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Valladolid Cathedral

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Author: Camino

ES | | Public

Source: Wikipedia

The Cathedral of Our Lady of the Holy Assumption (Spanish: Catedral de Nuestra Señora de la Asunción), better known as Valladolid Cathedral, is a Roman Catholic church in Valladolid, Spain. The main layout was designed by Juan de Herrera in a Renaissance-style.

The original design for this cathedral would have created a church which would have been the largest cathedral in Europe. Initially planned as the Cathedral for the capital city of Spain, ultimately, only 40-45% of the intended project was completed, due to lack of resources after the court moved towards Madrid, and the expenses caused by the difficult foundations of the temple, located in an area with a large gap in the field.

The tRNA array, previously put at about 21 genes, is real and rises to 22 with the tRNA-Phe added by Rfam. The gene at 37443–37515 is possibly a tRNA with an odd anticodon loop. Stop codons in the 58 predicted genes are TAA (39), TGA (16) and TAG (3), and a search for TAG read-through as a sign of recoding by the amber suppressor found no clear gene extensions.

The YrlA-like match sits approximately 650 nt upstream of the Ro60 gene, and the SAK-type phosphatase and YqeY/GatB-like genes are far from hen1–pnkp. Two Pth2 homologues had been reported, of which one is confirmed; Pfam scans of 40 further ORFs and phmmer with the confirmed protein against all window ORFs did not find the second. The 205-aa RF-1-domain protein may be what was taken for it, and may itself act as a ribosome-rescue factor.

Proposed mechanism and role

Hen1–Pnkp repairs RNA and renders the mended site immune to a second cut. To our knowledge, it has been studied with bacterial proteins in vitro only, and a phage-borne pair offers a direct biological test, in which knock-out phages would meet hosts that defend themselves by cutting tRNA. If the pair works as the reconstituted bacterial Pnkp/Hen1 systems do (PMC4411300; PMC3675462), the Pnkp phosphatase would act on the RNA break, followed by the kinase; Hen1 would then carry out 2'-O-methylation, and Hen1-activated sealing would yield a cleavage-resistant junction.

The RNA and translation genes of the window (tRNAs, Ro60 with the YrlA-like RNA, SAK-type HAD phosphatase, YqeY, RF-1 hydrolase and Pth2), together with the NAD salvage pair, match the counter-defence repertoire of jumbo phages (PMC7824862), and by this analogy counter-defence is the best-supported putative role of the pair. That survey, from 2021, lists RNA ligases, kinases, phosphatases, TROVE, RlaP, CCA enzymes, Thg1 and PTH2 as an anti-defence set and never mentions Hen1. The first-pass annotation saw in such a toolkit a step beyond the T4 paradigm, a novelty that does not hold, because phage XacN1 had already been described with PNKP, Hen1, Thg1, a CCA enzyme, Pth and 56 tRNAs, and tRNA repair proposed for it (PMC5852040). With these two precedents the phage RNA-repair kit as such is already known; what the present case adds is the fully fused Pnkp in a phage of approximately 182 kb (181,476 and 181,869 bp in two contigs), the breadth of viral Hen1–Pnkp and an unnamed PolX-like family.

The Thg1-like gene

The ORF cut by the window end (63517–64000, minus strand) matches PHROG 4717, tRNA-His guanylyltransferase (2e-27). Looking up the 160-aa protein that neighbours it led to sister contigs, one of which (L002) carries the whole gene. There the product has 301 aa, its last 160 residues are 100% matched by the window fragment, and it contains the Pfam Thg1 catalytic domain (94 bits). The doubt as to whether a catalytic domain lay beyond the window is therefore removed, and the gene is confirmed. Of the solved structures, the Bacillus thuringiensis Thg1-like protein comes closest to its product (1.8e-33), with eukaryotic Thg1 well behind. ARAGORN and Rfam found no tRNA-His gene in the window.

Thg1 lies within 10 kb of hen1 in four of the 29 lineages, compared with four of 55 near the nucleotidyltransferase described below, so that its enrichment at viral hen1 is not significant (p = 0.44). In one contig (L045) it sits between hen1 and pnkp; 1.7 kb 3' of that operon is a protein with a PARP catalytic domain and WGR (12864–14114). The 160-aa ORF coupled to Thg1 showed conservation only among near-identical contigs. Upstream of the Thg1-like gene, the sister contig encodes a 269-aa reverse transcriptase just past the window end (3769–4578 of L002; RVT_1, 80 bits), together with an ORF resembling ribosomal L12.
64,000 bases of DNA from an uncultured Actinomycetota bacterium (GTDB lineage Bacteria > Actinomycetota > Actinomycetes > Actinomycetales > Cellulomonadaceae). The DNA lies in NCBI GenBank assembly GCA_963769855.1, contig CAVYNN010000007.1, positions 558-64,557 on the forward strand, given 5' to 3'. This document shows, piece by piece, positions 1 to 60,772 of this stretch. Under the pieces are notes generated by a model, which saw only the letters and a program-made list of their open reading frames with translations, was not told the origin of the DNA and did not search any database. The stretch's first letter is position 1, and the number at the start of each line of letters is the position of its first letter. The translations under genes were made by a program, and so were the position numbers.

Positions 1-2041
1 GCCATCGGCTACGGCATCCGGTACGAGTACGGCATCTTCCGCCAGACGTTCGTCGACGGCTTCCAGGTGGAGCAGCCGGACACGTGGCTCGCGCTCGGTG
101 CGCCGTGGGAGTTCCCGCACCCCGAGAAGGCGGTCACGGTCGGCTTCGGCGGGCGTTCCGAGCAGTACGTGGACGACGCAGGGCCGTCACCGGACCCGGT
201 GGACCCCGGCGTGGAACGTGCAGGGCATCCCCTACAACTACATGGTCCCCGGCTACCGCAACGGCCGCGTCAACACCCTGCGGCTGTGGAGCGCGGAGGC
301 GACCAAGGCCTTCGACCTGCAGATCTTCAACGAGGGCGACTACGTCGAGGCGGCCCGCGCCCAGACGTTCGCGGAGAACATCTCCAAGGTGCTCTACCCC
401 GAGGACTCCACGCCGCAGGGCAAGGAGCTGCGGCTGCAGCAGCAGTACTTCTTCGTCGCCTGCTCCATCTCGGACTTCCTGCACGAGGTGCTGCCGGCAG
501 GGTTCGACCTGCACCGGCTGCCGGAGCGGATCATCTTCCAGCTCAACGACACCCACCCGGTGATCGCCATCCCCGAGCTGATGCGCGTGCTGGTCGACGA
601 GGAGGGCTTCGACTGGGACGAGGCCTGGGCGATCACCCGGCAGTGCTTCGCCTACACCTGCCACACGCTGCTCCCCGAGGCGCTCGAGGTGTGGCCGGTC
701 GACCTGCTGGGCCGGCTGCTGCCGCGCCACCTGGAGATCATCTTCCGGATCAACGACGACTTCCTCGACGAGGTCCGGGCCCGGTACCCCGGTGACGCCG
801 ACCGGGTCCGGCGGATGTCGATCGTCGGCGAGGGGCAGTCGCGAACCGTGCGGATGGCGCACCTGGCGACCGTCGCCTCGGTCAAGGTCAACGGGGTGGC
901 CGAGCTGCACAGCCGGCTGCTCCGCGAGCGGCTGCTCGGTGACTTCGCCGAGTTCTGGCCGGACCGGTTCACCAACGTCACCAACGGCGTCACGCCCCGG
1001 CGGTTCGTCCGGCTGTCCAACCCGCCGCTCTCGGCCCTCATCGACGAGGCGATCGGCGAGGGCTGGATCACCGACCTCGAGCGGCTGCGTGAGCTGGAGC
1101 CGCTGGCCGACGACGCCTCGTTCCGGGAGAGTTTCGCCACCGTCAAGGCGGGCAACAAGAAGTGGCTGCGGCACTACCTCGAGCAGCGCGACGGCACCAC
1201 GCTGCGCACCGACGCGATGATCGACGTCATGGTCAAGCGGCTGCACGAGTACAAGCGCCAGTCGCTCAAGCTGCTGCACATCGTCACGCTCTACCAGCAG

The structure has its origins in a late Gothic collegiate church, which begun in the late 15th century. Before temporarily becoming capital of a united Spain, Valladolid was not a bishopric, and thus it lacked a cathedral. However, with the newly established episcopal see in the 16th century, the Town Council decided to build a larger, modern cathedral in Renaissance-style, befitting the city's new status.

The cathedral that was planned would have been immense. When construction started, Valladolid was the de facto capital of Spain, housing king Philip II and his court. However, due to strategic and geopolitical reasons, by the 1560s the capital was moved to Madrid and construction funds were largely cut. Thus the cathedral was not finished according to Herrera's design, and further modified during the 17th and 18th centuries, such as the addition to the top of the main façade, a work by Churriguera.

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